A dramatic change in the way grain is traded within the UK is on the way, as internal demand switches from south to north.

“The advent of up to three wheat-based ethanol plants will create new grain demand, whilst feed compounding continues to reduce in volume, and a major starch plant is closing imminently,” according to David Sheppard, managing director of Gleadell Agriculture.

“The ethanol plants will also produce a sizeable tonnage of dry distillers grains which will present opportunities for the livestock sector, competition for other feed ingredients and a marketing challenge for those involved in trading these products.

“All of this will result in changed dynamics for the UK wheat market, with a lower exportable surplus in the north, and a larger surplus south of The Wash. We may well see a rise in grain movement within the UK by vessel, from south to north, and Scotland may look to Danish or Scandinavian wheat as much as English to meet their requirements.”

As well as these internal changes, UK grain markets will continue to be influenced by global trends, and price volatility will be a permanent feature. As such, farmers should consider putting all, or part of their crop into a merchant’s grain pool.

Results just published show that Gleadell’s harvest pool achieved an average price of just over £105/t, and a base price of £103.25/t, comfortably above the spot value of about £85/t at harvest time.

“To put our pool results in context, the run up to the 2009 harvest was similar to the period June-August 2008 when prices fell from well over £150/t to sub £100/t,” said Mr Sheppard. “We saw a similar fall this season between June and September with feed wheat below £80 in some regions.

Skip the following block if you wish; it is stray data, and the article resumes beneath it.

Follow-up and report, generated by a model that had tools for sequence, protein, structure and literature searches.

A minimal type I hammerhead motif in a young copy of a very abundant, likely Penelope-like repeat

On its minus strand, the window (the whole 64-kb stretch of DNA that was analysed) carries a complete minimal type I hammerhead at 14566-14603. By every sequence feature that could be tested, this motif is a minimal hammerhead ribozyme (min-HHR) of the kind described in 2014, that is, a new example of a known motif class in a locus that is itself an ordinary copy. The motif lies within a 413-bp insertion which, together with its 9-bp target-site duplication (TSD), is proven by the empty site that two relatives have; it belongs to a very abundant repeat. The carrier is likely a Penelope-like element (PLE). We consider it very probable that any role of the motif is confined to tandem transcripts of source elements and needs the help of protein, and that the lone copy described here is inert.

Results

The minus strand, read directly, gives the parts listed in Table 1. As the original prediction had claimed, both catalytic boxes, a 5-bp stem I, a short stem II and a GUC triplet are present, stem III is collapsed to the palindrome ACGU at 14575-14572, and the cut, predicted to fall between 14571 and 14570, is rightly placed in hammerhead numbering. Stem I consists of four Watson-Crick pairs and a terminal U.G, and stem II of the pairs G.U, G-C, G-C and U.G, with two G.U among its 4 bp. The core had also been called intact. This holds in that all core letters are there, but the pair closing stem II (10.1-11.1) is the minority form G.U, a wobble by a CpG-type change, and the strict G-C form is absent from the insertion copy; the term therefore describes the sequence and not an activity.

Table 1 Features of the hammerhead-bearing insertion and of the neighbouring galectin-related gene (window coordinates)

“The reasons behind this fall are that the world has produced the second-largest wheat crop ever and has rebuilt stocks to the highest level since 2000/2001. Also European crops both inside the EU, and in eastern Europe, have exceeded expectations and there is a large carryover stock level throughout the EU – particularly in the UK – that has weighed heavily on the market.”

The fall in prices came despite the UK producing approximately 3m tonnes less than in 2008 and clearly demonstrates that the world market is the key driver for our market.

“We were well-informed as to crop performance, particularly in eastern Europe and in France and Germany, and ensured that we had sold 100% of our harvest and October/December pools as the UK harvest began.”

* For a Farmers Weekly view on the grain trade see Phil Clarke’s Business Blog